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Shuli RenApril 7, 2020, 6:00 PM EDT Politics & Policy

My Husband’s Death Showed How Medical Supplies Are Wasted

You don’t need to be affected by coronavirus to see how inefficient the system is.

By Diane Brady April 7, 2020, 12:00 PM EDT

Nothing to spare. Nothing to spare. Photographer: Miguel Medina/AFP/Getty Images Diane Brady, a former senior editor at Bloomberg Businessweek, is the founder of dB Omnimedia LLC. She is the author of “Fraternity” and co-author of "Connecting the Dots: Lessons for Leadership in a Startup World.”

Read more opinion Follow @dianebrady on Twitter A few weeks before my husband died on March 7 at the age of 55, the oxygen arrived: a concentrator for everyday use and a backup tank in case of an emergency. That Barry had never struggled to breathe in the 10 months since being diagnosed with cancer didn’t seem to matter. Once he went into hospice, our living room was stuffed with pieces of equipment, a cornucopia of drugs, diapers, wipes, gloves, masks and whatever else the agency felt he needed to die comfortably at home.

Unfortunately, what he really needed was a level of pain relief that pills couldn’t provide, and care from professionals who could move him without damaging his brittle bones. So my husband spent most of his final days in a single room in the hospital that serves our neighborhood in Brooklyn before leaving to die peacefully at home.

In some ways, Barry’s timing was impeccable. He entered the hospital as news of the novel coronavirus was entering public consciousness in the U.S. and died just days before New York City went into full crisis mode. That meant he could vacate a hospital room and give back ventilators that would soon be in short supply as the number of Covid-19 cases mounted. It meant my children and I could hold a hug-free memorial for him with friends before retreating to our home to do our part to stop the spread of the virus. It meant he was able to die in his sleep from cancer instead of from septic shock or acute respiratory distress brought on by the coronavirus.

But caring for my dying husband also drove home the system’s inefficiency and waste. Among the unwanted possessions that were bequeathed to me after Barry’s hospice stay were an unused commode chair, a shower chair he’d used twice, a bedside table, packages of ventilator tubing, unopened cartons of fentanyl patches and painkillers, boxes of nitrile gloves, masks and numerous other products that hadn’t been touched. Other than the bed, wheelchair, oxygen tank and concentrator, I was told to throw everything out. The hospice wouldn’t — couldn’t — take any of it back. I now understand how waste costs the health care system up to $935 billion a year, according to research by Humana Inc. chief medical officer William Shrank and colleagues that was published in October in the Journal of the American Medical Association.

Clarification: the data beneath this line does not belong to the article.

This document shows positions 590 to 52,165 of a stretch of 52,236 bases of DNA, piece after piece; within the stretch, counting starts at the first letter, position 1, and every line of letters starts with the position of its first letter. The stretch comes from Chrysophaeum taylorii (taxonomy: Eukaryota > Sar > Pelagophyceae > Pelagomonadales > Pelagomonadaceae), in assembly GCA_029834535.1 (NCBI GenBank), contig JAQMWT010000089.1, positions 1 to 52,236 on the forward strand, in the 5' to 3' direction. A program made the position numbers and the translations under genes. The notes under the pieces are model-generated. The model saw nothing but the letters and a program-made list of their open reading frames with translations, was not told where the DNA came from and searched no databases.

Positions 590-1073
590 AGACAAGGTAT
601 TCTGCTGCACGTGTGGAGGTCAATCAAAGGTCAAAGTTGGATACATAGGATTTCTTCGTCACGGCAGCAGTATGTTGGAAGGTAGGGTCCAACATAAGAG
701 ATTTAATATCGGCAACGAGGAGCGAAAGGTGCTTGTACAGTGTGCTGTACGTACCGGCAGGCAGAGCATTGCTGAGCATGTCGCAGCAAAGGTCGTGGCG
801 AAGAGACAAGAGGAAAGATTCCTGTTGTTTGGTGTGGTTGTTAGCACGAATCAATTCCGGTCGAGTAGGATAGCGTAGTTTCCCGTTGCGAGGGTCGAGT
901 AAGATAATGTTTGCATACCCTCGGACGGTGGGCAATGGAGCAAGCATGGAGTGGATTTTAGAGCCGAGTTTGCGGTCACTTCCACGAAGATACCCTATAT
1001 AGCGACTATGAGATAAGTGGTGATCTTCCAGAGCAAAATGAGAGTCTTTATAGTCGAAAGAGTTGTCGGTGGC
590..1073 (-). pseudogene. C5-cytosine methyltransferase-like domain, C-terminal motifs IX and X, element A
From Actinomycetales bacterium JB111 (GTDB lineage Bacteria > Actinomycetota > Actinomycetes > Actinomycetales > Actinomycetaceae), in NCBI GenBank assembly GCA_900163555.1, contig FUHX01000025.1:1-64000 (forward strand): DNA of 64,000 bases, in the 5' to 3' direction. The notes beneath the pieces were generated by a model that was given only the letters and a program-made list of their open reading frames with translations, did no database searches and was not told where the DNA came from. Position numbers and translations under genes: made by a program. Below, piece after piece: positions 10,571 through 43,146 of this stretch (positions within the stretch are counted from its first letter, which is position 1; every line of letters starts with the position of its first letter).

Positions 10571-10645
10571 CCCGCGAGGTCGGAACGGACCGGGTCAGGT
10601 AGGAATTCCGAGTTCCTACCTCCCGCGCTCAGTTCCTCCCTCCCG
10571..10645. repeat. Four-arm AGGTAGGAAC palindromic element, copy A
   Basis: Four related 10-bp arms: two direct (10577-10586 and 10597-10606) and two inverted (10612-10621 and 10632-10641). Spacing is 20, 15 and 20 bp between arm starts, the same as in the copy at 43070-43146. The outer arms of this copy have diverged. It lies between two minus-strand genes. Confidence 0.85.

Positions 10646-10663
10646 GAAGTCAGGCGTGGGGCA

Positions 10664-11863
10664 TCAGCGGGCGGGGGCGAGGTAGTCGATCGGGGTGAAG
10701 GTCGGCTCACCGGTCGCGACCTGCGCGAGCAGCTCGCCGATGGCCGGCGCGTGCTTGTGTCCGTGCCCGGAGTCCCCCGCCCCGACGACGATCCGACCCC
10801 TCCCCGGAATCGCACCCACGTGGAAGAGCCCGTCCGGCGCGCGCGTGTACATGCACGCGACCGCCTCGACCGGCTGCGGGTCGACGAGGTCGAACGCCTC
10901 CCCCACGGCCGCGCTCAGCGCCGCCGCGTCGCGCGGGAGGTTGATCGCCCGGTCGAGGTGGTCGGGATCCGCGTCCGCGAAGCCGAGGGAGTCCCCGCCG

If Barry were still alive, there’s a good chance that oxygen equipment would still be in our living room. Who’s going to take it away from a dying man, even if he doesn’t need it? We could have refused the machines, but their presence seemed to suggest that breathlessness was as inevitable a part of dying as losing the ability to walk. (The wheelchair lay unused, too.) That said, in the current environment, giving equipment to a dying patient on the off chance it could have some palliative benefit might mean it’s not available to save another person’s life. I find myself wondering how many other home hospice patients have machines sitting at home that could be put to better use. How many other masks, gloves and other supplies are piled up in the homes of people who don’t really need them?

Even with a terminal illness, it's hard to predict how we'll die. This time last year, Barry thought he had injured his back after yet another bout of double-black-diamond skiing with our kids. It turned out to be cancer of unknown primary that had spread to his bones. From the start, his prognosis was dire and his pain was debilitating. While his doctors at Memorial Sloan-Kettering kept him alive through radiation and immunotherapy, and his nurses helped with managing pain, it was a lonely battle with an inevitable conclusion. Coming home from the hospital, he'd greeted my suggestion of full-time care with the same raised eyebrows as when the oxygen machines were rolled in: It felt like too much. He just wanted what he needed and no more.

In health care, that's typically not the American way. Having grown up in Canada, we used to joke about all the procedures that came with an annual physical south of the border. Even as he approached death, my husband was bombarded with stuff. Amid this unprecedented pandemic, though, U.S. doctors and health care officials now face tough choices in doling out treatment. As they seek more resources and equipment, we need to take a hard look at how the current inventory is being deployed.

Wars are won through shared sacrifice, tough choices, and the courage to do the right thing. Ideally, they also lead to changes in policy and behavior to avoid repeating the same mistakes. Just as fighting the coronavirus has cleared the air in New York and the canals in Venice, perhaps it can help us see more clearly the cost of other choices we’ve made.

This column does not necessarily reflect the opinion of Bloomberg LP and its owners.

To contact the author of this story: Diane Brady at [email protected]

To contact the editor responsible for this story: Tobin Harshaw at [email protected]

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